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Korean Journal of Epidemiology 1992;14(1): 91-101.
Published online Jun 30, 1992.
An Epidemiologic Study on the Leptospiral Infection in the Period of an Anticipated Epidemic
Bo Youl Choi1, Dae Eun Chung1, Soo Jin Lee1, Hung-Bae Park1, Jeoung Bae Park2, Kyung Hee Lee2, Jeong Soon Kim3
1Department of Preventive Medicine, Hanyang University
2Army Sergeon, Captain
3School of public Health, Seoul National University
Abstract
A large epidemic of leptospirosis was anticipated in September 1990 because flood has resulted the heavy rain for 4 consecutive days from the 8th of September, 1990, in the Yang-pyeung Gun (Country), a farm area of Central Korea. Actually, patients were already appearing sporadically soon after the flood. Soldiers of ROK Army units stationed in this area were under the higher risk since many of them participated in field works (such as tieing rice plant fallen by the flood) as a part of Civil Aid Plan. The objectives of this study were 1) to detect infected ones at early stage 2) to estimate the attack rates of infection and apparent infection through serologic examinations, 3) to estimate pathogenecity and case-fatality rate and 4) to compare the rates of infection by the type of work and the use of protective devices. All of those with febrile episode were interviewed and the leptospiral antibody was examined during the one month period after the field work. Serologic examinations (including the interview) were done twice with 1 week interval (first on 8th to 10th of October, about 4 weeks following the days of field work) for 446 soldiers belong to three companies stationed in the country area. The serologic test (Microscopic agglutination test) were performed with 4 strains. Icterohemorrhagiae lai and Canicola canicola Hond Utrecht IV as standard strains, and 6P-049-1 and YP-35-1 as strains isolated in Korea in 1986, in accordance with WHO guideline. The results are as follows. 1. Among 57 febrile, suspected cases, 37 had serological tests twice and, 20 of them (54.1%) were serologically confirmed to be infected whereas among other 20 subjects who had single serological test, only 2 persons (10.0%) were serologically positive. 2. The dates of onset of fever in confirmed cases were clustered in 10 to 20 days from late September to early October, which coincided well with the duration of exposure (Sep. 13-18). 3. The attack rate of infection and apparent infection were estimated to be 11.2% (95% C. I. ; 8.3-14.1%), 1.8% (95% C. I. ; 0.7-3.1%). Pathogenecity and case-fatality rate were estimated to be 16.0% (95% C. I. ; 6.0-26.0%) and 0%, respectively. 4. The attack rate of infection of persons who worked in rice paddy for 3-6 days, for 1-2 days and participated in other field work were 3.5, 2.7 and 2.1 time high respectively as high as that of persons who did not join in field work (p<0.05). 5. The effectiveness of protective devices shown in this study was rater poor; perhaps the preparation of the protective devices was not sufficient because the mobilization of army is usually a sudden order. For more satisfactory prevention in the future, a complete clothing (including glove and boots) and chemoprophyaxis (with doxycycline) are recommended.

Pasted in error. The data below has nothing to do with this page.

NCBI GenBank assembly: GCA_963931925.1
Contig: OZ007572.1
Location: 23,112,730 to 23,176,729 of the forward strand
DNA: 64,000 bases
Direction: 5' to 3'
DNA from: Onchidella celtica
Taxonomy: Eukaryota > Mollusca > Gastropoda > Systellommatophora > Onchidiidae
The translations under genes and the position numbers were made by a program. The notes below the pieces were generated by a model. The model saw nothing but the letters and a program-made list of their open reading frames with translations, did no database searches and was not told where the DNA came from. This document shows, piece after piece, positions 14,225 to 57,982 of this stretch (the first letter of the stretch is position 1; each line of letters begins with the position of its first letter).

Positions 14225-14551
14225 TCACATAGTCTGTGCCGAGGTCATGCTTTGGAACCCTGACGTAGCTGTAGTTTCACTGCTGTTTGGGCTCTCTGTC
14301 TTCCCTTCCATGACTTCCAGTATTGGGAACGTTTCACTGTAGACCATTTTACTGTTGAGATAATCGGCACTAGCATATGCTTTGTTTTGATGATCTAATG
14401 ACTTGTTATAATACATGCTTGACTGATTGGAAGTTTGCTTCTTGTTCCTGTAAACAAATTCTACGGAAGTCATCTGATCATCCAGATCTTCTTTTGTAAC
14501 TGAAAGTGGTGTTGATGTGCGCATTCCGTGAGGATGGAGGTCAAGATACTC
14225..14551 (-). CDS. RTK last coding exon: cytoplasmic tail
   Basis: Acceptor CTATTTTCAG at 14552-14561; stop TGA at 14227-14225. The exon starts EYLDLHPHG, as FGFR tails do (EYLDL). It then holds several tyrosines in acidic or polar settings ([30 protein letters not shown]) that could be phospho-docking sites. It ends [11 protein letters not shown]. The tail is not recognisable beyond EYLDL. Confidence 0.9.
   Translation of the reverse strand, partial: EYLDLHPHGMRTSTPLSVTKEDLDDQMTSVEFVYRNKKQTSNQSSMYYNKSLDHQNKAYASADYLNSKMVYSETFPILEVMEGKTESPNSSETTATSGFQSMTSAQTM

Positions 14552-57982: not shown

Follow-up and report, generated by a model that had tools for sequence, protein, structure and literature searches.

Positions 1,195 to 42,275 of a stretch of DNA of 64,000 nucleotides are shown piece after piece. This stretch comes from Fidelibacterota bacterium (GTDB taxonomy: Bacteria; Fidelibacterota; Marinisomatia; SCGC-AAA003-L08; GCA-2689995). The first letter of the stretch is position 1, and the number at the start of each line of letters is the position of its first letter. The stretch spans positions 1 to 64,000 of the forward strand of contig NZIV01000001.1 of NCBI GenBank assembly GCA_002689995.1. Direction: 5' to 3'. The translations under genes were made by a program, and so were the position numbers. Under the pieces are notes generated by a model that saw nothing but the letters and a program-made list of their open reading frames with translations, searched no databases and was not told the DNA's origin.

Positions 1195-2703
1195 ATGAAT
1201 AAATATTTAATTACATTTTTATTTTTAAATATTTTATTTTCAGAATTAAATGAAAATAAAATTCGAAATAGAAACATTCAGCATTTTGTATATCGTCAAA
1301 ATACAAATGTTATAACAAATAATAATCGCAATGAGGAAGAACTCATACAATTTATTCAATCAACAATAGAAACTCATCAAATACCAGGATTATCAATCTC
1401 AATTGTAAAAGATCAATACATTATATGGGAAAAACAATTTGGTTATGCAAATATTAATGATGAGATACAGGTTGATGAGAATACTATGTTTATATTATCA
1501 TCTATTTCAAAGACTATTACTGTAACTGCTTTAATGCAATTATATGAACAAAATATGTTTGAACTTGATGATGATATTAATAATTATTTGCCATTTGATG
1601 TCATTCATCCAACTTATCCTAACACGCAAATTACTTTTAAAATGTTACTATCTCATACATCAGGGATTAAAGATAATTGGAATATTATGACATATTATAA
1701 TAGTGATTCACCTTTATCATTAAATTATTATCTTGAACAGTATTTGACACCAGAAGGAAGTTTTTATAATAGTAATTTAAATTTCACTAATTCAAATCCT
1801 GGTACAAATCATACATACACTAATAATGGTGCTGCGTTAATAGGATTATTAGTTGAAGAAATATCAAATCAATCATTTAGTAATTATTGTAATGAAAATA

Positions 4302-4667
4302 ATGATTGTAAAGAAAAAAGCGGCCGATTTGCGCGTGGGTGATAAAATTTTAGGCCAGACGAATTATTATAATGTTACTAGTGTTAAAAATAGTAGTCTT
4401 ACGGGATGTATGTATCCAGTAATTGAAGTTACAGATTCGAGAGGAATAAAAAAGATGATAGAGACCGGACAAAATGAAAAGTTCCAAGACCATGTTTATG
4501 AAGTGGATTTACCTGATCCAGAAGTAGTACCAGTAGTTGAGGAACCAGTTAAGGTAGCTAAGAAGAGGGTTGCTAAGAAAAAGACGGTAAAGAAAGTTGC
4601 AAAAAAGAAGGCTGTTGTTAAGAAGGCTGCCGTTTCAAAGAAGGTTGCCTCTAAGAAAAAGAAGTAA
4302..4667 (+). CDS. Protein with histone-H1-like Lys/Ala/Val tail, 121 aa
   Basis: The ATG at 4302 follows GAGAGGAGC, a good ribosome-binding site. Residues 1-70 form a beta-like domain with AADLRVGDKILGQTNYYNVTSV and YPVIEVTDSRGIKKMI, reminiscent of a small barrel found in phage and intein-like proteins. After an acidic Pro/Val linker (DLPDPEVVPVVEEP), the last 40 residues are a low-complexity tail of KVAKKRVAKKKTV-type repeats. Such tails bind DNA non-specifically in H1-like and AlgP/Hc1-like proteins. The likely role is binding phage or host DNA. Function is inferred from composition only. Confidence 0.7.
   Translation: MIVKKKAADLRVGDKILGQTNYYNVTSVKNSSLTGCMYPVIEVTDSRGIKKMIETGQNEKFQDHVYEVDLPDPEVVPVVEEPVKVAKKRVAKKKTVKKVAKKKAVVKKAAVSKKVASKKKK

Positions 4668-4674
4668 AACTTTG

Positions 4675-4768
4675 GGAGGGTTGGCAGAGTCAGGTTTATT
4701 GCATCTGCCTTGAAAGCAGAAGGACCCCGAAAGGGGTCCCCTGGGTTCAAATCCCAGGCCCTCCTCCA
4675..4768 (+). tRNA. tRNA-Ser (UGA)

Keywords: Leptospirosis epidemic, Monitoring cases, Attack rate, Risk factor, Prevention


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